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Mel Watt's FHFA confirmation receives support

Will Senate hear the calls to dethrone the current FHFA head?

October 30, 2013

Now that members of Congress have squared away some of their differences—effectively ending the government shutdown—all eyes are on Congressman Mel Watt, D-N.C., and his pending nomination to head the Federal Housing Finance Agency.

The uproar on Capitol Hill began when Senate Majority Leader Harry Reid, D-N.V., filed cloture on Watt’s nomination, following a high-level meeting earlier this week between industry representatives and senior White House staffers.

A procedural vote on whether to consider Watt for the FHFA spot could happen as early as Thursday.

As of Wednesday, Watt’s nomination doesn’t have the necessary votes, but the situation remains incredibly fluid, Compass Point Research & Trading Group said when analyzing the situation.

Policymakers and organizations are dropping breadcrumbs on the nomination trail, hoping that voicing their support will lead Watt to victory.

Civil rights and human rights groups — including the National Urban League — announced their support for Watt Wednesday, outlining various criteria Watt needs to meet to replace FHFA current acting director Ed DeMarco.

Many of the groups signed a joint letter sent to the Senate, citing Watt’s experience in housing finance — including 20 years as a member of the House Financial Services Committee.

Similarly, the chairs of the Congressional Tri-Caucus — comprised of the Congressional Black Caucus, the Congressional Asian Pacific American Caucus and the Congressional Hispanic Caucus are behind the Watt nomination.

"Rep. Watt advocated for provisions that protect the American people from damaging financial practices and that expand the availability of affordable housing for low-income and middle class families," the Congressional Tri-Caucus chairs said.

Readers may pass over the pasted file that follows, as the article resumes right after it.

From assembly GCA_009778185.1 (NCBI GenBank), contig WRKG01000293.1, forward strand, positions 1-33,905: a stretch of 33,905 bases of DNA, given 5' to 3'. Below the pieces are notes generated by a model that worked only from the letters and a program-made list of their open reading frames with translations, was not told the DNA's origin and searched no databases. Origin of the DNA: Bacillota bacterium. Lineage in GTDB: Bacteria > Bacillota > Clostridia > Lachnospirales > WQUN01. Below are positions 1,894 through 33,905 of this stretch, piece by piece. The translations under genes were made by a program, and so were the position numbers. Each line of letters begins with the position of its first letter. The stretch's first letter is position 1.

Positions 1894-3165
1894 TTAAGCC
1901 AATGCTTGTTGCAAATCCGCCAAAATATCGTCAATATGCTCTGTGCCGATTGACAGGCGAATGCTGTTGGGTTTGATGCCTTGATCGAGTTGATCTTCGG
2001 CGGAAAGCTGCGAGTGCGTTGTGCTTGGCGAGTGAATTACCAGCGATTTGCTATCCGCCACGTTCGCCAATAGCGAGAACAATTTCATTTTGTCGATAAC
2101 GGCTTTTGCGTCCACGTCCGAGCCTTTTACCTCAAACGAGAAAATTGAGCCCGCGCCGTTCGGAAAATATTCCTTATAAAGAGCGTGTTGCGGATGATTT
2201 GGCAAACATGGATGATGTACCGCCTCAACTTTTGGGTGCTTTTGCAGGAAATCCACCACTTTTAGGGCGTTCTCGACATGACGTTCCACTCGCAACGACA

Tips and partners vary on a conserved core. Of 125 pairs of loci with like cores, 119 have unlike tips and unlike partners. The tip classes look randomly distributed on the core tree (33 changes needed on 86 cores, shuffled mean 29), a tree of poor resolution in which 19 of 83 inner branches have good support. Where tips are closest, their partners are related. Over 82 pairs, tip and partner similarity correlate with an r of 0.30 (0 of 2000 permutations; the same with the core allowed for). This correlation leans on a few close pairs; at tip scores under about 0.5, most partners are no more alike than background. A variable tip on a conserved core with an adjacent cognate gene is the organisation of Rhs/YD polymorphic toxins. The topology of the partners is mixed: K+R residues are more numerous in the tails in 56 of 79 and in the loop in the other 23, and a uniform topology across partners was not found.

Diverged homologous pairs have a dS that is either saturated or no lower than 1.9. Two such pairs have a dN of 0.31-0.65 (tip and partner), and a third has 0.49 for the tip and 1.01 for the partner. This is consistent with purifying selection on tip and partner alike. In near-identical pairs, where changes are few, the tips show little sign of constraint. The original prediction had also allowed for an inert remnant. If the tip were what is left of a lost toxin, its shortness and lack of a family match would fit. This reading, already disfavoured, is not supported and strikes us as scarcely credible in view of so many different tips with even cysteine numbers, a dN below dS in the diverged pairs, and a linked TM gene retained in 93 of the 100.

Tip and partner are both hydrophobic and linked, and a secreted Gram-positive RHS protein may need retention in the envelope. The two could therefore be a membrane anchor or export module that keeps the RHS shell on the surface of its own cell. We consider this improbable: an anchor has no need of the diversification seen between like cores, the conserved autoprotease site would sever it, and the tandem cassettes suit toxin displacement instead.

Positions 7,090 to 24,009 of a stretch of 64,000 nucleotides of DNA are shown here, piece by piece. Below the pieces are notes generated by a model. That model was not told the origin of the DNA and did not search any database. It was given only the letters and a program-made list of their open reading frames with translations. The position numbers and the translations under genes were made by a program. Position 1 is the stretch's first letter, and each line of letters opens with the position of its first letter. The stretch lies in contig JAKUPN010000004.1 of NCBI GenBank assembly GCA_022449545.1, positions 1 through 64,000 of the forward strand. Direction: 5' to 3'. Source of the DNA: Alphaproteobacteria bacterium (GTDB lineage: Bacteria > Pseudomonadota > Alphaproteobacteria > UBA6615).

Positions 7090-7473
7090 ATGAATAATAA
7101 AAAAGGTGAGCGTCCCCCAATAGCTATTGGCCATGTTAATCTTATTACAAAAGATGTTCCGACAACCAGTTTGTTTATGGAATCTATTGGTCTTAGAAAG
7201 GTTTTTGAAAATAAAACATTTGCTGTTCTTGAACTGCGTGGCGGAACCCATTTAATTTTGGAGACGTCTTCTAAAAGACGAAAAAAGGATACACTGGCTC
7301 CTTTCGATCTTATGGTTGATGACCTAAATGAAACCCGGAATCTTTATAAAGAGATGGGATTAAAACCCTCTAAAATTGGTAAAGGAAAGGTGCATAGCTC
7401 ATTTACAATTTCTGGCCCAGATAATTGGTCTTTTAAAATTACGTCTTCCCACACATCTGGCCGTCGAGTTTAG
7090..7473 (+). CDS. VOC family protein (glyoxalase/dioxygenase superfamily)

The Mortgage Bankers Association is also climbing aboard the Watt nomination train.

The organization believes Watt could bring considerable experience to the post of FHFA director given his strong base of understanding on a wide variety of public policy issues related to housing finance, explained MBA chairman E.J. Burke.

Other participants in the industry have questioned a Watt's nomination, fearing his decisions over conterversial issues such as principal reductions would be politically motivated, rather than based on what's good for the housing market.

Rep. Maxine Waters, D-Calif., has been all but quiet in her support of Watt’s confirmation, arguing that the Congressman is well equipped to address housing finance challenges as he remains committed to protecting consumers, expanding affordable rental and providing oversight of financial institutions.

"We need a leader like Mel — thoughtful, well-informed, principled and fair — to address the most important challenges that we face as a nation," she stated.

However, there are industry experts holding firm that Watt’s confirmation will not happen — it’ll be a close race, nonetheless.

Compass Point is increasing its odds that Watt will be confirmed from 30% to 45% given the renewed White House push. Not to mention, the swaying of Republican votes and the likelihood of Senators to put procedural holds on a number of nominations, resulting in another battle followed by a broader confirmation deal under the shadow of the nuclear option — a situation similar to the Richard Cordray CFPB nomination.

Regardless, it won’t be enough to hand over the FHFA throne to Watt.

Bottom line: The sudden push for a new director all boils down to one thing: timing.

The White House is intent on making a final push for Watt’s nomination before it’s forced to shift attention to Janet Yellen’s nomination in advance of her mid-November hearing, coupled with the filing deadline to run for Congress in North Carolina, which has direct bearing on whether Watt will run for reelection, explained Compass Point analyst Isaac Boltansky.

While Watt’s confirmation will be a close call Thursday, the bigger meaning behind his confirmation or rejection will reflect whether the industry can handle a shift in regulatory change or will stick with what they know: DeMarco.

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